There could be several reasons why this is happening. In our case I’ve already mentioned sleep apnea, which is a medical issue, but we’ve also had issues with Night Terrors, bed wetting as I mentioned above, no more naps, big kid beds, etc. Similar to potty training regression, there could be many, many reasons why a child who is a relatively good sleeper suddenly backtracks. You can find message threads out on the internet asking if there is a regression at 3 or 4-years-old but usually some change in life seems to trigger this. The other main reason I’ve seen cited is similar to the same thing you might see if there is a sleep regression with your baby – some sort of leap in cognitive development.

What do you do about it?

We are dealing with several issues when it comes to this so we’ve tried several approaches to help remedy the situation. If you are dealing with this too the way to handle it might depend on what’s causing the problem. However there are a couple of key things you can do to see if you can alleviate some of your sleep deprivation.

  • Stay consistent.
    • Similar to sleep training a baby, you want to hold your ground. If your preschooler put themselves to bed at night but they suddenly want you ALL THE TIME make sure they are stil putting themselves to sleep. But, maybe reassure them you are waiting right outside the door.
    • If you are a stickler for making sure they stay in their bed all night, make sure you bring them back to their bed if they try to come in your’s suddenly.
    • If your child is still napping make sure that you are consistent with the time of the nap.
  • If your child is scared of their room, start playing with them in their room more during daylight hours.
  • If your child has started having issues falling asleep you can also use a technique called Bedtime Fading. This involves moving bedtime back. You can read more about it here.

Preschool Regression 4: Baby Talk or Acting Like a Baby

My daughter has always been a very independent, mature girl. She has always spent a lot of time with adults, listens well and is, in general, very well-behaved. All of these were frustrating, but when my daughter started suddenly baby talking one night a few weeks ago it was maddening. It was like it was happening without her even trying and she couldn’t really control it.

Why is this happening?

Again there may be a few reasons your child is suddenly feeling the need to talk or act like a baby. Have you recently had a new baby? This can be a trigger. Did they have a long day at school? Did they recently lose a pet or a loved one? Is there some reason they might need to be comforted or coddled?

All of these can be reasons, but sometimes, like us, you won’t really know the reason or be able to figure it out. I’ve also read that this can pop up when they are learning a new skill they’re not really read for, which may have been our issue.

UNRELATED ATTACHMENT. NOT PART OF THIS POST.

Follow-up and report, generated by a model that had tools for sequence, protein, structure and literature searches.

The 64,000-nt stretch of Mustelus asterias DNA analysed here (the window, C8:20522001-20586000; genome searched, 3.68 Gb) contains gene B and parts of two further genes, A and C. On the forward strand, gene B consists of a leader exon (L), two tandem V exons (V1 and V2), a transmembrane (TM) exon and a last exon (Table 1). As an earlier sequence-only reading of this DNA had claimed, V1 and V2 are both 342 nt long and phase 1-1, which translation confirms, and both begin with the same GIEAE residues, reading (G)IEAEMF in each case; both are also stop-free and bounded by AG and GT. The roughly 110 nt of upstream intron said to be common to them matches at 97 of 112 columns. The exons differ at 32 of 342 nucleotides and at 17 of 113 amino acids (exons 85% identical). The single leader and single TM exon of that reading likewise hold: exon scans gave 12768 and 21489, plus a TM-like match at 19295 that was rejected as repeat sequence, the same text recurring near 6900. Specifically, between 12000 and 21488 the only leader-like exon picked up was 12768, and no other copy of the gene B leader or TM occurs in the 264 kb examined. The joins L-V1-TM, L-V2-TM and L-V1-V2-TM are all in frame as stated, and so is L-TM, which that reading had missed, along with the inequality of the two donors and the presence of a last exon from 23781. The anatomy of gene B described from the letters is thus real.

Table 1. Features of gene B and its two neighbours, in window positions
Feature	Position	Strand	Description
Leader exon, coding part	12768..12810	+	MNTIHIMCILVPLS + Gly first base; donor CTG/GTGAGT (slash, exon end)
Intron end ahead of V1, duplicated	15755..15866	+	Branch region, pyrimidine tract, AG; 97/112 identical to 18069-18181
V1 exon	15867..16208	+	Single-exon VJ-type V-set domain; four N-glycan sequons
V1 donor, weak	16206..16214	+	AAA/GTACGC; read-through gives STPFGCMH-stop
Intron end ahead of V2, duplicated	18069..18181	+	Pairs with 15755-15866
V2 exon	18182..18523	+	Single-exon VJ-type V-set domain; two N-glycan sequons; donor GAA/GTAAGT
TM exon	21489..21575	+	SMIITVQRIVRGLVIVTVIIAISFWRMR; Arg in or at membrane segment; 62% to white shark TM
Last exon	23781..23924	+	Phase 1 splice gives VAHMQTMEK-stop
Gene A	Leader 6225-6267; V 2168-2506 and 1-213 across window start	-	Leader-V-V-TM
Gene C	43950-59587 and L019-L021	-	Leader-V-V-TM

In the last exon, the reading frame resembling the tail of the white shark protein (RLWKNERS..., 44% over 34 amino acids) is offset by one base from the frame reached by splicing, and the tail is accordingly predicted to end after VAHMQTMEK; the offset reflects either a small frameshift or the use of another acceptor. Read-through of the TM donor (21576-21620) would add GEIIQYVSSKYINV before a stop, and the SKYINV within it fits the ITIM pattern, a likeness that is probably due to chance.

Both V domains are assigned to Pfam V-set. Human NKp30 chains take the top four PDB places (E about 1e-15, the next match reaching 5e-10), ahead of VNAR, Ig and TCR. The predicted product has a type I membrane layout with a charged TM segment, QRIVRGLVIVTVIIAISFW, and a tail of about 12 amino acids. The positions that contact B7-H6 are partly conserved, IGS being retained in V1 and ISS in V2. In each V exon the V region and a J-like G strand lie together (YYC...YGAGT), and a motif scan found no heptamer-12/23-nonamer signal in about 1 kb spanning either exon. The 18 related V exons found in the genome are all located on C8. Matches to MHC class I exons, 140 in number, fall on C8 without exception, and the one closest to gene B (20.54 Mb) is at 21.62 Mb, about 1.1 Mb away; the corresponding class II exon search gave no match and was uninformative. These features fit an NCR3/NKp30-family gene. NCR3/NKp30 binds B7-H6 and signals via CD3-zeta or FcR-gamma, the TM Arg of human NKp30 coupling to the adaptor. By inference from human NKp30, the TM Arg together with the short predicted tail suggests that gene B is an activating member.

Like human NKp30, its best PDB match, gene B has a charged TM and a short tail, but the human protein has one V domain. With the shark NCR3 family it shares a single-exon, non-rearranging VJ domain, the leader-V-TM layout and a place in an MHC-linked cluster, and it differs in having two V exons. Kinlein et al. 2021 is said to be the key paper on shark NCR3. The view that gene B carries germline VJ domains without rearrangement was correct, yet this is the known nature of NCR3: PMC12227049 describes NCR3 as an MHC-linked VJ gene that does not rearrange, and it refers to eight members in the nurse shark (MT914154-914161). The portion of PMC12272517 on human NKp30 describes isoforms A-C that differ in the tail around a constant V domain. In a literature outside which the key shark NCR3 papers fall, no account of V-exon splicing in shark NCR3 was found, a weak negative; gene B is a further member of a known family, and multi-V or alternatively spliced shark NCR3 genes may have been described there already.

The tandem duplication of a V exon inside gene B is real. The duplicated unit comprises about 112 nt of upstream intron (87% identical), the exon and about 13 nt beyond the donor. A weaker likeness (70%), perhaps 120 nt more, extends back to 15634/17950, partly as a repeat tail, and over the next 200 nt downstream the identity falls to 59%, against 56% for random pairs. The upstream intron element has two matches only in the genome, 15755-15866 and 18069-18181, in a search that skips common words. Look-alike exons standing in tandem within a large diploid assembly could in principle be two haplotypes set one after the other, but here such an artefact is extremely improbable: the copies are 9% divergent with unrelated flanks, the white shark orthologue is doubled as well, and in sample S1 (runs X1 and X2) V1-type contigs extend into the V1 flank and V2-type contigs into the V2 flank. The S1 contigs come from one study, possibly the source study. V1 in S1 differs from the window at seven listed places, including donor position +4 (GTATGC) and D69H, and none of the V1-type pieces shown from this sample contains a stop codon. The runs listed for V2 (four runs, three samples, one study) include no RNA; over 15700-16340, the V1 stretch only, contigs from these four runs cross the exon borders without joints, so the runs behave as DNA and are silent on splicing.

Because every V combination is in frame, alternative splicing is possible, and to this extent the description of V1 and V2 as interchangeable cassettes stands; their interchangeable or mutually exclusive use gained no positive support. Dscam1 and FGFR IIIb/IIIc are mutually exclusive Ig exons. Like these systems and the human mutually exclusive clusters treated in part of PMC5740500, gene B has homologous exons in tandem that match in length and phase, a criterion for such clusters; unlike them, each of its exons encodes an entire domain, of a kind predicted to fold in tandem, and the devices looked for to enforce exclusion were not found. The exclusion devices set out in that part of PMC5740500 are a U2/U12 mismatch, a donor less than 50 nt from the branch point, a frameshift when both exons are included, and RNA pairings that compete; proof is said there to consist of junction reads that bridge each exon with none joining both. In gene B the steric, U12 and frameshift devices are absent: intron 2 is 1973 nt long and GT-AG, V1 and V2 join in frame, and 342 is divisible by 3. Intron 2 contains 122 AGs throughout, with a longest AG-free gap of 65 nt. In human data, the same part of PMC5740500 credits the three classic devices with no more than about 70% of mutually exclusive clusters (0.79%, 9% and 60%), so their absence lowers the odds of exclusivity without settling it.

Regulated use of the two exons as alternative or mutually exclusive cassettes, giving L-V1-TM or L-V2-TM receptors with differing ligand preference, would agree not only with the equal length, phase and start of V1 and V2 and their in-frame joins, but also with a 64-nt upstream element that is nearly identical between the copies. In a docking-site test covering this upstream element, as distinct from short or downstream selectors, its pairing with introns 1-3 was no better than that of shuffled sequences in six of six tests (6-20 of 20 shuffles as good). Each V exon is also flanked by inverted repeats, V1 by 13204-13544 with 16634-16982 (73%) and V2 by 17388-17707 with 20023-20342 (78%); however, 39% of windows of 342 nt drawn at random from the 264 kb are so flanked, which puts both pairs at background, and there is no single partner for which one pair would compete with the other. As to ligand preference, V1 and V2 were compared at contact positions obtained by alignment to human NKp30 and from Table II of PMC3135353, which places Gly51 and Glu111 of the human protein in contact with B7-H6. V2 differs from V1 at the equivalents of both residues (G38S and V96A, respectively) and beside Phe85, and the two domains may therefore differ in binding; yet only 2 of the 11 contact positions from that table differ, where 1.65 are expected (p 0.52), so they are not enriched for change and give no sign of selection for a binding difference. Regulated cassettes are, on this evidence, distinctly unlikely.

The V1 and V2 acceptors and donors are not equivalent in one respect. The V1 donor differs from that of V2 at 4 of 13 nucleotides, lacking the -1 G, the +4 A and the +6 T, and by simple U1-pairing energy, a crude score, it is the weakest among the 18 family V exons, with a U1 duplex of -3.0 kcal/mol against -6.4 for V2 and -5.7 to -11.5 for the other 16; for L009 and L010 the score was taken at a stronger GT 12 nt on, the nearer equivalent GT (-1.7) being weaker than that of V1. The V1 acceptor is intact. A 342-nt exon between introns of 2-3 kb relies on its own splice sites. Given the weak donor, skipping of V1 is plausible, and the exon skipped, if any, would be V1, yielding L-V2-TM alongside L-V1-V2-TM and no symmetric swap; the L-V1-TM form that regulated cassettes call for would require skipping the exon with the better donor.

What do you do?

Again, I did everything wrong here. Both my husband and I got mad, which of course made it worse. At the time, like literally as the words were coming out of my mouth, I thought this isn’t going to help. Since this was the latest thing we encountered I feel like I started learning a thing or two.

After one evening of this madness I started studying and rounded up a list of things that helped us. After doing some of these, the baby talking mainly stopped. Every now and then a word or sentence slips out, but we stick to these tips and haven’t seen a big resurgence in the issue.

  • Don’t get mad.
  • Instead say, “I can’t understand you when you talk like that. Can you talk to me in your big kid voice?” This worked really well for us and helped reinforce the correct way to ask for something.
  • Schedule baby time. If they are acting like a baby too, schedule time to indulge the need. They might be having a needy day.
  • Just give extra snuggles. My daughter now spends a little time at night with me curled up on the couch. My husband generally puts her to bed and I put her brother to bed, but getting some extra attention from me seemed to help.


  1. I remember seeing this when my daughter was 3 and my youngest was born. Potty training and sleep was the toughest. This is a really great post Rachel!

  2. Great post here for parents! I think it can be so hard thinking that you are the only one – so such a comfort to hear others experiences too!

  3. This happens from time to time and it’s always better not to escalate the issue and just keep your calm. We have to make them feel that we’re always there and that we understand.

  4. Its really interesting how children (of any age) regress. I used to teach Pre-K and saw these behaviors, but I also see regression in middle school aged kids. Its the same idea/philosophy, just shown in different ways.

  5. I haven’t ever thought of these in the context of preschool regression, mainly because we homeschool. We definitely dealt with all of these things when we added subsequent babies – and you are right, not getting upset is key!

  6. Many kids write backwards at this age and it is not necessarily an indicator of any learning issues. It’s important that parents be aware of this if they have kids this age.

  7. Such a good read! We definitely experienced the baby talk regression with my oldest this past year. It is so frustrating, but so nice to know these are things that many parents deal with.